Coney Island’s three great amusement parks — Steeplechase, Luna Park, and Dreamland — took guests not on rides but on journeys: under the sea and around the world, to the past, to the future, to the outer space, to inner space.
Luna Park, the world’s first theme park, glittered with a quarter-million lightbulbs on playfully ornamented palaces and oriental towers, at a time when electricity was still a novelty. At Dreamland, where the themes were life, death, and morality, rides included the Creation, Hell Gate, and the End of the World.
The news about Coney Island traveled quickly, and visitors came from all over to see for themselves. Some arriving by boat thought New York was on fire when they first saw its blazing forest of lights. The Soviet writer Maxim Gorky wrote of his visit in 1907: “With the advent of the night, a fantastic city of fire suddenly rises from the ocean into the sky… Fabulous beyond conceiving, ineffably beautiful, in this fiery scintillation… The visitor is stunned; his consciousness is withered.”
Between about 1880 and World War II, Coney Island was the largest amusement area in the United States, attracting several million visitors per year. Its development as an amusement area was concurrent with the erection of urban amusement parks elsewhere in the United States, which changed amusement from a passive to an active concept.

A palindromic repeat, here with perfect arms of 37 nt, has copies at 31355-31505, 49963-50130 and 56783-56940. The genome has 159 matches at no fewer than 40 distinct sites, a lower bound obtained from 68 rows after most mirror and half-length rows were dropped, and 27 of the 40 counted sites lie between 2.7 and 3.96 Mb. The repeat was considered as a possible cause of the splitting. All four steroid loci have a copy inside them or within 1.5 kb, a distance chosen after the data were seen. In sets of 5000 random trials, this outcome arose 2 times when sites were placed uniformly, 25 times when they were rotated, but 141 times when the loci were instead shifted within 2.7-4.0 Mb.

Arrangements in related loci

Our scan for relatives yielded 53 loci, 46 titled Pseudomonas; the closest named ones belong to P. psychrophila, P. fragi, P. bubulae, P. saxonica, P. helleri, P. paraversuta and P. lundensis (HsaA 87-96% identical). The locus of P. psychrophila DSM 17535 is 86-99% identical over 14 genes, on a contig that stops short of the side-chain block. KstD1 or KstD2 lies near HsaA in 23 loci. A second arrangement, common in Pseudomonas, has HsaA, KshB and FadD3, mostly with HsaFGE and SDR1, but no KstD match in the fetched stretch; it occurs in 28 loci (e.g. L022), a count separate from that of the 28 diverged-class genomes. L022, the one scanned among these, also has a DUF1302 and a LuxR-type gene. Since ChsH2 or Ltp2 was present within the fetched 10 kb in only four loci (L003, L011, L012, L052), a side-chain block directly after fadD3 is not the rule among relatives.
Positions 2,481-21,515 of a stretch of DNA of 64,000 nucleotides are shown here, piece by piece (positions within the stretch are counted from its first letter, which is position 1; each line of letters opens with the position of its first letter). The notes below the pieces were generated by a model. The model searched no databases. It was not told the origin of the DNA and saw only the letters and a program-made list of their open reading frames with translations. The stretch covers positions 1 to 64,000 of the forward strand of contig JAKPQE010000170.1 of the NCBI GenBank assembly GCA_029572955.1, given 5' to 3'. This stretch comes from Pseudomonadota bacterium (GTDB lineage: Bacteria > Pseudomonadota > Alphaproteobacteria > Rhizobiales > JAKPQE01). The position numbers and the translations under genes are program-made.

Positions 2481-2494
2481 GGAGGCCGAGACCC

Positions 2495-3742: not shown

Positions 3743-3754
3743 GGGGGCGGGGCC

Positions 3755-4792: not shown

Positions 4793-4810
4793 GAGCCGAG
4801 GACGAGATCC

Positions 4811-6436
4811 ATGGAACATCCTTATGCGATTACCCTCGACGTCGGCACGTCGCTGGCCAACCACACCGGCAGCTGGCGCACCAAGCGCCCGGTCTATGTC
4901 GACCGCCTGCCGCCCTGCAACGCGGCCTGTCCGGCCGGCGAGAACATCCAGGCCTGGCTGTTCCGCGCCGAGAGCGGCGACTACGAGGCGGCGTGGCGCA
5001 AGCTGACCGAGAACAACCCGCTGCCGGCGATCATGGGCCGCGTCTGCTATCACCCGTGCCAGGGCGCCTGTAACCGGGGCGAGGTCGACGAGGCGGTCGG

However, after the Second World War, attendance began a steep decline amplified by the boom in car ownership that allowed people to travel to other entertaining spots. These color images collected here document people enjoying Coney Island, though its popular appeal had already passed.
Various redevelopment projects were proposed for Coney Island in the 1970s through the 2000s, though most of these were not carried out.
(Photo credit: Getty Images / Library of Congress / Sherman Oaks Antique Mall / America’s Boardwalks: From Coney Island to California).